In November 1966 the Toyota Corolla went on sale in Japan. That makes 2016 the 50th anniversary of the humble little runabout that’s been everything from a family hauler to a balls-out drifter to a rally racer. To kick off a year-long celebration, Toyota threw a party at the New York Auto Show and invited a few classics along.
Imports to the US didn’t begin until 1968, but Toyota is going by the year it hit the road in Japan because the Corolla has always been a global car. It took only four years from launch to reach 1 million global sales.
The kick-off party took place in a private gallery space a few blocks from the Javitz Convention Center. There wasn’t enough space to have one of each of the 11 generations — or the numerous body styles within each generation — represented, so Toyota had to pick just three.
Obviously there’d have to be a first-generation model, in this case one of the finest KE10 Corollas in the country. The 1969 model hails from Toyota’s own collection at the Toyota USA Museum. When it was new, a car similar to this would have cost about $1,700 and had 64 horsepower. For a car that sold a million copies, it’s heartbreakingly rare today.
Bookending the opposite side of the half-century, then, would have to be a current-gen Corolla. It was, in fact, a just-released 2017 50th Anniversary Edition. There’s not much to differentiate it from other new Corollas, except for an exclusive Black Cherry paint job and color-matched interior stitching. There’s also a little 50th Anniversary badge on the back and some option packages that are probably cheaper than buying each thing separately. 8,000 will be sold, so… not that limited.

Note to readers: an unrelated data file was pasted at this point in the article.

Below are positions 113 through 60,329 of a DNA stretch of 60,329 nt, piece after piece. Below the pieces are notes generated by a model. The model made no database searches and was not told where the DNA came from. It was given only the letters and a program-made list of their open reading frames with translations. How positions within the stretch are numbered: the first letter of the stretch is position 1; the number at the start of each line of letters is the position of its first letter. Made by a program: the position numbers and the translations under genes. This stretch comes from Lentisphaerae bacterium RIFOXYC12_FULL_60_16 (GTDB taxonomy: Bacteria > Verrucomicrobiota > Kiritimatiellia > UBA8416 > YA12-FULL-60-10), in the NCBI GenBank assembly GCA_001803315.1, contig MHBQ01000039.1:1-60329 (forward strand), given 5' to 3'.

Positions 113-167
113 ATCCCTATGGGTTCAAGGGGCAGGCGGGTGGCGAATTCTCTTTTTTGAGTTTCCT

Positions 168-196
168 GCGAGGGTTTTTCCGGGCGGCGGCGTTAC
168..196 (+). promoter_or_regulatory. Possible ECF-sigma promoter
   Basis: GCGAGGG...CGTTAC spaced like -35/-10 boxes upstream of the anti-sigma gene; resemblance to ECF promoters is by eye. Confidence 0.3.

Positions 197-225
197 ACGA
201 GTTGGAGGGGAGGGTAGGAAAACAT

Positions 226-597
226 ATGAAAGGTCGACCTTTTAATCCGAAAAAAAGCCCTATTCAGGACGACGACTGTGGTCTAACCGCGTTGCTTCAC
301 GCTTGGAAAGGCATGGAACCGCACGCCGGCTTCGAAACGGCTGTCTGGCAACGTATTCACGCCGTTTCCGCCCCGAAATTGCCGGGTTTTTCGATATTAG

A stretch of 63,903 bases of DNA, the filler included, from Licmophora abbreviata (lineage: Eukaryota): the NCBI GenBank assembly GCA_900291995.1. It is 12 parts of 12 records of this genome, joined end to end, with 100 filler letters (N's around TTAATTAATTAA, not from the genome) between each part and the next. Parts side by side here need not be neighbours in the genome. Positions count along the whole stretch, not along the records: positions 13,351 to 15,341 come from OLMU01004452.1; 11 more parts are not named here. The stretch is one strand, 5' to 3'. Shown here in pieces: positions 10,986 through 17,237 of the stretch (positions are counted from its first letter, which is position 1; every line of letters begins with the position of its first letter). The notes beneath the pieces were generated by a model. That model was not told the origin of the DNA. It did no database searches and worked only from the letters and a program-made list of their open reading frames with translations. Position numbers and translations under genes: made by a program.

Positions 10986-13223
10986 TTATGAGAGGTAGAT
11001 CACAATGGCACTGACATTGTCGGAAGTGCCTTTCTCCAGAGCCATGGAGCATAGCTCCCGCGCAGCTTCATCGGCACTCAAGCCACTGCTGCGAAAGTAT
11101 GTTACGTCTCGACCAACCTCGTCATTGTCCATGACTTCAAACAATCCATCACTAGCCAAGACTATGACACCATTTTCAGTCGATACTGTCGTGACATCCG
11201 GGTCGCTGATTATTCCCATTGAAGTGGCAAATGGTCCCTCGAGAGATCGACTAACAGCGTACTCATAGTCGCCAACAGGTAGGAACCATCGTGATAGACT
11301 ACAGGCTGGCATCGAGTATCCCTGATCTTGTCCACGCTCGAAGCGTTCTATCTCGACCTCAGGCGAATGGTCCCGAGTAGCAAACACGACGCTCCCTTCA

So that left 50 years of cars in the middle to choose from. The winner: a 1986 Toyota Corolla GT-S. It was important to find an original and stock USDM car, but that’s no easy task. This particular hachiroku belongs to a friend of JNC who purchased it from a Kidney Anyone post last year. It’s probably one of the cleanest AE86s left in the country.
We were once again shamelessly stoked to have the JNC inkan represented on its window. Combined with the hakosuka and kenmeri GT-Rs at the Nissan booth, hat makes us two for two in automakers’ nostalgic car displays.
Throughout the event space, Toyota displayed vintage Corolla parts and memorabilia that absolutely no one but us looked at — vintage ads, parts, and artwork.
Having 50 years of a continuous model is no small feat. So to celebrate this milestone, Toyota is planning a year’s worth of celebrations around the country, including a 1970 Corolla running The Great Race and more. Stay tuned for further developments.